Nurnberger JI, Adkins S, Lahiri DK, Mayeda A, Hu K, Lewy A et al. Melatonin suppression by light in euthymic bipolar and unipolar patients. Archives of General Psychiatry. 2000 Jun;57(6):572-579.
Nurnberger, John I. ; Adkins, Sherril ; Lahiri, Debomoy K. ; Mayeda, Aimee ; Hu, Kuolung ; Lewy, Alfred ; Miller, Aaron ; Bowman, Elizabeth S. ; Miller, Marvin J. ; Rau, Leela N. ; Smiley, Carrie ; Davis-Singh, Dawn. / Melatonin suppression by light in euthymic bipolar and unipolar patients. In: Archives of General Psychiatry. 2000 ; Vol. 57, No. 6. pp. 572-579.
@article{7496c2c6b40641e7b8c066067bb14f08,
title = "Melatonin suppression by light in euthymic bipolar and unipolar patients",
abstract = "Background: Previous studies have suggested that bipolar patients are supersensitive to light suppression of melatonin and that this may be a trait marker for genetic vulnerability. The present study was an attempt to replicate and extend this observation Propranolol hydrochloride effects were compared with light effects because of the documented influence of β- adrenergic receptors on melatonin production. Nighttime levels of corticotropin and cortisol were also examined as potential trait vulnerability markers. Methods: Melatonin levels in euthymic bipolar patients (n=29) were tested before and after 500-lux light was administered between 2 and 4 AM and on a separate night in the dark. Results were compared with those of a group of patients with unipolar depression (n=24) and with those of a group of non-psychiatrically ill control subjects (n=50). Lithium effects and propranolol effects were tested in subgroups. Results: No group differences were seen in light suppression among bipolar patients, unipolar patients, and controls, an analysis of the whole group did not reveal differences in propranolol effect, differences in corticotropin or cortisol levels, or evidence for a lithium effect. However, patients with bipolar 1 affective disorder showed the following: (1) significantly lower melatonin levels on the light night, at baseline and following light exposure, and (2) a later peak time for melatonin on the dark night. Conclusions: The general hypothesis of increased light sensitivity in bipolar patients was not supported. However, melatonin secretion abnormalities were confirmed in the subgroup with bipolar I disorder. Further assessments of circadian rhythm disruption as a vulnerability marker in bipolar illness are indicated.",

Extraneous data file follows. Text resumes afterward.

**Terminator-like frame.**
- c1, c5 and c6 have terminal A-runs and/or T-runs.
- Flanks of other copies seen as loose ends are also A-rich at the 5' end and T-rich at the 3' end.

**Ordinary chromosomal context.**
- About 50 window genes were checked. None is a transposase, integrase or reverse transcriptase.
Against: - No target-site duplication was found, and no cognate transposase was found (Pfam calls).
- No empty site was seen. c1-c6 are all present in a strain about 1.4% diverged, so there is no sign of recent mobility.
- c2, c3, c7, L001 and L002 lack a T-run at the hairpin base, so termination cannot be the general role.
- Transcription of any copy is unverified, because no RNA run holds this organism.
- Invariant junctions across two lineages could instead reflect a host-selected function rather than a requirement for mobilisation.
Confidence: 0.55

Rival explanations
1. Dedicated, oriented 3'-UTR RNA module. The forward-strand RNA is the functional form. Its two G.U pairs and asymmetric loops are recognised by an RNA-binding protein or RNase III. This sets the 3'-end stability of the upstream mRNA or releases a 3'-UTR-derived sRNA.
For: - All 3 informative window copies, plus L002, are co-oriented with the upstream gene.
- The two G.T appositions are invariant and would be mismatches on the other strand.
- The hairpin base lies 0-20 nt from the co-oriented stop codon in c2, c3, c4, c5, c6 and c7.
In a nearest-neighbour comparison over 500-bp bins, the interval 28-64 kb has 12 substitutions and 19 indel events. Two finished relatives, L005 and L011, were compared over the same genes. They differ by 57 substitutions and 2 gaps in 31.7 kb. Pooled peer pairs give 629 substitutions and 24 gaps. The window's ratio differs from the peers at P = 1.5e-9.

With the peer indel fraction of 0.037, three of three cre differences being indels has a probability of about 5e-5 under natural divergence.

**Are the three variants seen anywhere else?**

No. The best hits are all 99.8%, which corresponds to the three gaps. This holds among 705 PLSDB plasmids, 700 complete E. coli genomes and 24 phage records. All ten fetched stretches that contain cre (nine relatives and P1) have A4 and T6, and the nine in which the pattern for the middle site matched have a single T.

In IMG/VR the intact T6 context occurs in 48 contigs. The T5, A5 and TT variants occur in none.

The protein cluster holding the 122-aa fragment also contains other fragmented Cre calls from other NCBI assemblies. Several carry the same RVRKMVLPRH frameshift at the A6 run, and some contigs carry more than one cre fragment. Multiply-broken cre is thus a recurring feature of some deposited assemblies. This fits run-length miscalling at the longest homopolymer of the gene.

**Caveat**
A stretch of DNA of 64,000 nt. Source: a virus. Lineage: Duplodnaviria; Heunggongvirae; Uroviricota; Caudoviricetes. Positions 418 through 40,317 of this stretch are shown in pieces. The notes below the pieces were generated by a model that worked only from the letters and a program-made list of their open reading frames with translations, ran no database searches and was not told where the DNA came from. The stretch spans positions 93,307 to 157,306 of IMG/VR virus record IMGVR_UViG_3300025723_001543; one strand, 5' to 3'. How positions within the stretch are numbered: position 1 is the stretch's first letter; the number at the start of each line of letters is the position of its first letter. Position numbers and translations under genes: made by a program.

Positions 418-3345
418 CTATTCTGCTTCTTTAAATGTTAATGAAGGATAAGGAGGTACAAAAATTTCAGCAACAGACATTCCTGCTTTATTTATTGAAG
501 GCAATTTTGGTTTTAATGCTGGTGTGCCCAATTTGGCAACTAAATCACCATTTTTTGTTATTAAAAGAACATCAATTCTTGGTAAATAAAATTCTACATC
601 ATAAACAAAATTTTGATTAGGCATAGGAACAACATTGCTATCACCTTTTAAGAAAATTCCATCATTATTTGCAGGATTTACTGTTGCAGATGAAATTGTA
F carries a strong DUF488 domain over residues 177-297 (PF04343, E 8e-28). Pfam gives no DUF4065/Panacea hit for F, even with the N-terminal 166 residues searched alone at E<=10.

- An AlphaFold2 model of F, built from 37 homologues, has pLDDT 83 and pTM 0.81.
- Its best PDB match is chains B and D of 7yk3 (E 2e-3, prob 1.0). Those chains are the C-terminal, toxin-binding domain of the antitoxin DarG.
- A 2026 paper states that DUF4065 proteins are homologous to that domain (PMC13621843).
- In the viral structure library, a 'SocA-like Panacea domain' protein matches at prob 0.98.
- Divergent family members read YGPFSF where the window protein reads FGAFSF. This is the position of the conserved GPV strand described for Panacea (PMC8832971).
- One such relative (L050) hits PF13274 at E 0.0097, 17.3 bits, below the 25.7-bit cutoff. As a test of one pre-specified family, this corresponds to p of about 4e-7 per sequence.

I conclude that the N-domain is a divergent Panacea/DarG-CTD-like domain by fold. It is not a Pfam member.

author = "Nurnberger, {John I.} and Sherril Adkins and Lahiri, {Debomoy K.} and Aimee Mayeda and Kuolung Hu and Alfred Lewy and Aaron Miller and Bowman, {Elizabeth S.} and Miller, {Marvin J.} and Rau, {Leela N.} and Carrie Smiley and Dawn Davis-Singh",
year = "2000",
month = "6",
language = "English (US)",
volume = "57",
pages = "572--579",
journal = "JAMA Psychiatry",
issn = "2168-622X",
publisher = "American Medical Association",
number = "6",

}

TY - JOUR

T1 - Melatonin suppression by light in euthymic bipolar and unipolar patients

AU - Nurnberger, John I.

AU - Adkins, Sherril

AU - Lahiri, Debomoy K.

AU - Mayeda, Aimee

AU - Hu, Kuolung

AU - Lewy, Alfred

AU - Miller, Aaron

AU - Bowman, Elizabeth S.

AU - Miller, Marvin J.

AU - Rau, Leela N.

AU - Smiley, Carrie

AU - Davis-Singh, Dawn

PY - 2000/6

Y1 - 2000/6